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THE SOUL EXPANDING OCEAN #3: Dineo Seshee Bopape

Ocean! What if no change is your desperate mission?  — 

  • Admission

    Free of charge

  • Opening date

  • Location

    Ocean Space


    Chus Martínez

TBA21–Academy presents a solo exhibition dedicated to the artist Dineo Seshee Bopape at Ocean Space. The exhibition is part of a two-year curatorial cycle entitled The Soul Expanding Ocean by Ocean Space’s 2021 and 2022 curator Chus Martínez.

For her solo presentation at Ocean Space, Bopape works with various elements and mediums including video, sound, dreams and clay. The commission is informed by a research residency the artist is currently participating in with Alligator Head Foundation, a Jamaican-based marine conservation foundation initiated by TBA21–Academy; managing the East Portland Fish Sanctuary and focusing on the intersection of science, art and community.

Bopape’s approach merges historical inquiry, traditional wisdom, a sense of illusion, imagination and hope in order to stage the ‘post-colonial’ agency of the Ocean as a timeless being. The commission is a further step in her practice towards the marriage of the Earth and the memory of the Ocean. The semiotics of the slave ship embedded in the Ocean are conceived as an opening through a complex juxtaposition of artistic materials and language, an opportunity to enchant and unravel contemporary everyday life and aid towards its transformation.

Abstracted patterns of Ocean movement are reminiscent of stretch marks on a body marking a kind of elasticity, like rivers breaking ground, raising undulated scars that hawk to mountainous landscapes. One witnesses the possible stretching and iterations of the Ocean body, in memory, in space, through shifting rhythms. The waters on which enslaved people were transported across the Ocean are seen as open wounds, and the raindrops which would have fallen on those who drowned at sea, fall into this body of water to form an in between within a mother body. From these imaginaries the artist created thousands of drawings, constituting the basis of a digital animation.

Bopape was part of the second voyage to the Solomon Islands organised by TBA21–Academy with the exhibition curator and Leader of The Current II fellowship program, Chus Martínez. Her experience of the Ocean in the Solomon Islands opened immersive ways to form connections between this new sensorial experience, the ancestors, slavery routes, and a practice capable of touching the audience the same way the spirits of the Ocean touched her.

Dineo Seshee Bopape: Prep Sketches (Mawatle), 2019 - 2022, Chalk on paper, 23x31cm. “The Soul Expanding Ocean #3: Dineo Seshee Bopape” is commissioned and produced by TBA21–Academy.

‘Imagine a seascape of heavy rain, in the Solomon Islands. You were out swimming and all of a sudden you are showered in raindrops falling down, so dense, so powerful as you never experienced before. You go a little bit under the water to seek shelter. Funny, who would have told you that you could submerge in water to have a roof…! With your nose afloat, your eyes witness the millions of drops creating a pattern on the surface of the Ocean. Those patterns are beautiful and yet, you suddenly recall them as marks on the skin left by wounds. Millions of lives have been scarred, touched by weapons, have experienced unthinkable pain, have been thrown into the Ocean and died.’ - Chus Martínez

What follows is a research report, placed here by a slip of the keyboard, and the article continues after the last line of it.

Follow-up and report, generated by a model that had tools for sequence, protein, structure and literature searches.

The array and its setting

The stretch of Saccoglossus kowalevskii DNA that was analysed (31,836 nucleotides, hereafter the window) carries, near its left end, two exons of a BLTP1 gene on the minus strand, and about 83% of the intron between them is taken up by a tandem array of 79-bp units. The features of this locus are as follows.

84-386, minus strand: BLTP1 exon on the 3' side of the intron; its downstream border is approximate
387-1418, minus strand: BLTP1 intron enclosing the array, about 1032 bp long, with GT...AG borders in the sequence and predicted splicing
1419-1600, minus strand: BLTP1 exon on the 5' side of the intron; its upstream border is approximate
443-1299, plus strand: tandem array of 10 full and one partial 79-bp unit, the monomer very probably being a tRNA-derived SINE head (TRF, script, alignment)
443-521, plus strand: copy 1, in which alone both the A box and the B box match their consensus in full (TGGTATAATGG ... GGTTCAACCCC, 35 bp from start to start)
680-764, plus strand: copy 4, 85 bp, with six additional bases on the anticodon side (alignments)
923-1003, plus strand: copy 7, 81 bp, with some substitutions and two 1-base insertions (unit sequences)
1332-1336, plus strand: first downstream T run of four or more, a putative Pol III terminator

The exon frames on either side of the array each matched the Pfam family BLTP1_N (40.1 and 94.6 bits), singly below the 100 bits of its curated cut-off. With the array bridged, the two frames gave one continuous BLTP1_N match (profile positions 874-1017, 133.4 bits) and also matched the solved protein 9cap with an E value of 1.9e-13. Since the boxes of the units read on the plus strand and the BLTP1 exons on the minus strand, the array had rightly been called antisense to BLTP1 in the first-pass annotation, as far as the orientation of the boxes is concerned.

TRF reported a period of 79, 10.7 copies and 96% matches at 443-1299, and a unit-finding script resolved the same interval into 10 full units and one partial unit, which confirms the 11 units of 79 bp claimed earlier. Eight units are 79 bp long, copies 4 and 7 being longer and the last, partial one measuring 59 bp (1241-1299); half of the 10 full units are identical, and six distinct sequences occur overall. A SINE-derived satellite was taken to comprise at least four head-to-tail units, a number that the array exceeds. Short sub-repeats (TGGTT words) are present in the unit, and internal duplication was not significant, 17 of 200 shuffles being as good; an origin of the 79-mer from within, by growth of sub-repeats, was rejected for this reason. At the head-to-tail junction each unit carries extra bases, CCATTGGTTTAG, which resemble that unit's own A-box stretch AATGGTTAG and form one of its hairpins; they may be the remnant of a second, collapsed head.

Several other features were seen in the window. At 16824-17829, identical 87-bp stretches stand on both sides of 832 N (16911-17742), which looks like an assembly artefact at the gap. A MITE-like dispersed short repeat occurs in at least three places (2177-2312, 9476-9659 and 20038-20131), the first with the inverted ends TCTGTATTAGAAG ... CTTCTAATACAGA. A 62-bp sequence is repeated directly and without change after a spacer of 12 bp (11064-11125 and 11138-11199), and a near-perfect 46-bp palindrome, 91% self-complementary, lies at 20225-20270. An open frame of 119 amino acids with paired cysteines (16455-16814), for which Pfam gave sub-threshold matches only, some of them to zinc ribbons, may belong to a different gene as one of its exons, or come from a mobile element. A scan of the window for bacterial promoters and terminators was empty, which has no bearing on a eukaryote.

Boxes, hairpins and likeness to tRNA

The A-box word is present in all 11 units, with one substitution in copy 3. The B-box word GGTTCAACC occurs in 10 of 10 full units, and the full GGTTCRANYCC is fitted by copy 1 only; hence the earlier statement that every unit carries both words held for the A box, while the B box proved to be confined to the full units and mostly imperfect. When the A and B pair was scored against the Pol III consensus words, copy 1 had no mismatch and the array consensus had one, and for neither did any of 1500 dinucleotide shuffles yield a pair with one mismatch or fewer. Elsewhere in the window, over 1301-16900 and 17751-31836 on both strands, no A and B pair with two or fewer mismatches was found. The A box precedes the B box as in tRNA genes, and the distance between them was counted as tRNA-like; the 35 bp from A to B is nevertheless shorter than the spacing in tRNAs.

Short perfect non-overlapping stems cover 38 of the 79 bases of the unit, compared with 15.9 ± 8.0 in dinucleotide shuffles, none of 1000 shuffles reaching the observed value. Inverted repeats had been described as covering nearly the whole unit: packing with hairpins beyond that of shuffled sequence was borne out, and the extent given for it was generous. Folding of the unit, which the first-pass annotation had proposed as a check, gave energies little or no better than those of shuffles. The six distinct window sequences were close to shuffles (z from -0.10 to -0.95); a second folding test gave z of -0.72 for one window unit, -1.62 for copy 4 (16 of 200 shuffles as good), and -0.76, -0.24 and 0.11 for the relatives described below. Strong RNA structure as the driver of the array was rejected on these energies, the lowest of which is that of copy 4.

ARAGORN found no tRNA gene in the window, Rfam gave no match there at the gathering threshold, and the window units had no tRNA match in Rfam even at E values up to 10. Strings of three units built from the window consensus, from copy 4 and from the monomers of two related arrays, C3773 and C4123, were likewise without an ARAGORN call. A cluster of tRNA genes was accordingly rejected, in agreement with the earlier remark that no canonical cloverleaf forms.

Dineo Seshee Bopape was born in 1981 CE (Gregorian calendar), 1974 in the Ethiopian calendar, the year of the golden rooster, on a Sunday. If she were Ghanaian, her name would be akosua/akos for short. During the same year of her birth, there were perhaps 22 recorded Atlantic Ocean hurricanes and 4 Indian Ocean cyclones close to Mozambique. Umkhonto We Sizwe performs numerous underground assaults against the apartheid state. Zaire is the premier producer of the world’s cobalt; In Chile, the Water Code is established, separating water ownership from land ownership; an International NGO Conference on Indigenous Populations and the Land is held in Geneva; Bob Marley dies; an annular solar eclipse is visible in the Pacific Ocean; USA and Japan are in the leading position in the seabed-mining industry, Thomas Sankara rides a bike to his first cabinet meeting; the Slave trade is officialy abolished in Mauritania; Machu Picchu is declared a heritage site; New Zealand recognised 16 rivers and lakes as “Outstanding” and protected them in perpetuity. Hurricane Katrina brings floods to the Caribbean. A Haiti-US Agreement allows the US Coast Guard to patrol the sea corridor between Haiti and Cuba. It is said that right whales born in that year are taller than right whales born since. Her paternal grandmother dies affected by dementia; Other concurrent events of the year of her birth, and of her lifetime, are perhaps too many to fully know; some things continued, some shifted, others ended, some began, some transformed. The world’s human population was then apparently at around 4.529 billion. Today she is one amongst 7 billion - occupying multiple adjectives.


Chus Martínez is head of the Art Institute at the FHNW Academy of Arts and Design in Basel, and in 2021-22, the Curator of Ocean Space, Venice, TBA21–Academy’s center for catalyzing ocean literacy, research, and advocacy through the arts. Previously, she led The Current II (2018–20), a project initiated by TBA21–Academy. The Current is the inspiration behind Art is Ocean, a series of seminars and conferences held at the Art Institute which examines the role of artists in the conception of a new experience of nature.